Read Up: The movie technique is featured in Rebecca Shafir’s book “The Zen of Listening: Mindful Communication in the Age of Distraction.”
Learn How: Sign up for Learning and Development’s Effective Listening Skills workshop, which uses a five-step process to make anyone a better listener. The next workshop is 9-11:30 a.m. Dec. 13; register online at uab.edu/learningsystem. Learn more at uab.edu/learndev.
Read this one-page LearnNow guide from Learning and Development on active listening.
5. Know your audience
Good communication is tailored to the receiver, Fagan noted: “Some people prefer face-to-face discussions, while others prefer emails.” The DISC model may be helpful to learn more about yourself or your team; it uses an assessment to evaluate behavioral styles in four areas: Dominance, Influence, Steadiness and Conscientiousness.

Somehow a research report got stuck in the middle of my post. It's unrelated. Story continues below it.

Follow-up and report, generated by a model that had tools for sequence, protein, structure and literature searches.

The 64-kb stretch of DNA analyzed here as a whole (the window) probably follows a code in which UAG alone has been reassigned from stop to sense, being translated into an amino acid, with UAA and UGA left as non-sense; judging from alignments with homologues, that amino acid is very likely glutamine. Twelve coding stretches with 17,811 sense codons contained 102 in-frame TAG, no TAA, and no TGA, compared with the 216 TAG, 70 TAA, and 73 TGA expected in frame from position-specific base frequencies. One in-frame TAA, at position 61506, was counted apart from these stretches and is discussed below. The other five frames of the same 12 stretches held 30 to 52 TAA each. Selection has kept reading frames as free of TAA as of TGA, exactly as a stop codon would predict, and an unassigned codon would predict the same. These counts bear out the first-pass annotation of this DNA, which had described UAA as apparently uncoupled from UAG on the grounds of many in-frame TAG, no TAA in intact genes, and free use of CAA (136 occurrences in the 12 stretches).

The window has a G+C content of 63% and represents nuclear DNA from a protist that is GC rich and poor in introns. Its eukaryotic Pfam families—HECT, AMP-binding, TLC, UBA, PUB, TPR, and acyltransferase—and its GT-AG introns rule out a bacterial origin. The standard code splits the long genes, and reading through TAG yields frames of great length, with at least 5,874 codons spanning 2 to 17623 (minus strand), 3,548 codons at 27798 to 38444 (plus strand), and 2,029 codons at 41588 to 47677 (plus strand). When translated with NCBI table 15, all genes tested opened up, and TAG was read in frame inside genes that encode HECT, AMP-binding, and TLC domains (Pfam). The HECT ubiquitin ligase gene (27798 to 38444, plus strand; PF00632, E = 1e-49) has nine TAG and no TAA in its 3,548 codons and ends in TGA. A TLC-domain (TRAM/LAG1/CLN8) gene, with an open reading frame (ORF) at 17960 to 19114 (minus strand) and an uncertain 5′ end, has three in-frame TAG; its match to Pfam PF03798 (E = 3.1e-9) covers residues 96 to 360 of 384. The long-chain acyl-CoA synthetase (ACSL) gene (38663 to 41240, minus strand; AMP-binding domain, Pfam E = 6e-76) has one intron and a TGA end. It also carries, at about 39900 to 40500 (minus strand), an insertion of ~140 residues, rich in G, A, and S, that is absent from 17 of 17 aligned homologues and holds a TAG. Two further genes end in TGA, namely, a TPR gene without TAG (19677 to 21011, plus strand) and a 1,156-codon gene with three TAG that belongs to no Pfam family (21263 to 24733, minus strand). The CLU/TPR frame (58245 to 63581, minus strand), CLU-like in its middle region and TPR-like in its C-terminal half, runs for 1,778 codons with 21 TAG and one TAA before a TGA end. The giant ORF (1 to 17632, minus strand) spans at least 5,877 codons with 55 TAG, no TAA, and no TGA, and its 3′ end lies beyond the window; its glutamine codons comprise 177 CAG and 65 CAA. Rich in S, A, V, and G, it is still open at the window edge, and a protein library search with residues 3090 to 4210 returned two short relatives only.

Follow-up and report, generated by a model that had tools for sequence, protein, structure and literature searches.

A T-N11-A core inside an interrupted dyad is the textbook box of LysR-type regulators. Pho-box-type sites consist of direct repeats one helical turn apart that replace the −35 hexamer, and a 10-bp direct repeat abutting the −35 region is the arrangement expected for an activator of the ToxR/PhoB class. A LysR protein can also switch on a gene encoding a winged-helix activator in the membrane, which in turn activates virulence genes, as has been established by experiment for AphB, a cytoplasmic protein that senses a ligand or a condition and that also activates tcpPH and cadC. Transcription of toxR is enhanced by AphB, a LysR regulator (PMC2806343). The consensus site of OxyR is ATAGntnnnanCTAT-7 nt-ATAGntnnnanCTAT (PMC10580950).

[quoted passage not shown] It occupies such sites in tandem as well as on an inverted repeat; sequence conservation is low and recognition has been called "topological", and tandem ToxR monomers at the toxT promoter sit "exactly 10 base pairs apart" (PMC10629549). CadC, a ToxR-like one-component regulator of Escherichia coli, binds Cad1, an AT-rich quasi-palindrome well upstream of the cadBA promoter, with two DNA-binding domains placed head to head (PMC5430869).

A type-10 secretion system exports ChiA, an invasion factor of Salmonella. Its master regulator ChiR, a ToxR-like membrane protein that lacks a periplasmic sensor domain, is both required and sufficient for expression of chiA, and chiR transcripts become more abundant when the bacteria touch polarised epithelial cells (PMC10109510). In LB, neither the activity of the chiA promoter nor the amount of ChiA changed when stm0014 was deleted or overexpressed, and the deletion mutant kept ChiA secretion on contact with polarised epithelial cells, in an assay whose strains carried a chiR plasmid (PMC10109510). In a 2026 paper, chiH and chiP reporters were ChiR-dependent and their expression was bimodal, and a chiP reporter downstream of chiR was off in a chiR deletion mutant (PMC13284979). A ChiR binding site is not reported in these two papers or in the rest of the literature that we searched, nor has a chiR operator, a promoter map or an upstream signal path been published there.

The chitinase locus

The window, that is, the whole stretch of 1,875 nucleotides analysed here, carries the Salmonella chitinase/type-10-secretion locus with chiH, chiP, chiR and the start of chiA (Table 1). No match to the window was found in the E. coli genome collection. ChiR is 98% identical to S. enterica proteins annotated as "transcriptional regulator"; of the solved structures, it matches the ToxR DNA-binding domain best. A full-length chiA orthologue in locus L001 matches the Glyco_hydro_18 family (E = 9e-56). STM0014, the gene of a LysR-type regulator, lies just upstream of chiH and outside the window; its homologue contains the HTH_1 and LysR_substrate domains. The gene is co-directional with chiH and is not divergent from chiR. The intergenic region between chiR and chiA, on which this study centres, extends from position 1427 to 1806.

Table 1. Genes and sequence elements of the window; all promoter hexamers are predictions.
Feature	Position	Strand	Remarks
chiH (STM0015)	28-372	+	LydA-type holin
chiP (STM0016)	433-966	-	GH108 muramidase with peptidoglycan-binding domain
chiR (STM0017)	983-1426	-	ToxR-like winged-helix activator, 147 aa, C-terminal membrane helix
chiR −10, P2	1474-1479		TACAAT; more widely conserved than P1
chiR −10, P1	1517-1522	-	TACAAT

Learn How: Learning & Development offers DISC assessments to help individuals and teams understand their behavioral styles, recognize the styles of others and adapt communications for improved results. Register online at uab.edu/learningsystem. Learn more at uab.edu/learndev.
Try It: Improve team communication with the popular Marshmallow Challenge, as featured in Tom Wujec’s “Build a tower, build a team” TED Talk. Can your group figure out how to make a tower out of a marshmallow, dry spaghetti and one yard of tape? Conversations will definitely ensue.
6. Avoid “moving the furniture”
Managers often struggle to properly coach their employees, especially when it comes to communication. “Avoid the, ‘I would have done it differently’ comment,” Kornegay said — and the urge to just rewrite employees’ work without explaining what needs to be changed. “I call that ‘moving the furniture around,’” he said. “It creates animosity and anxiety.”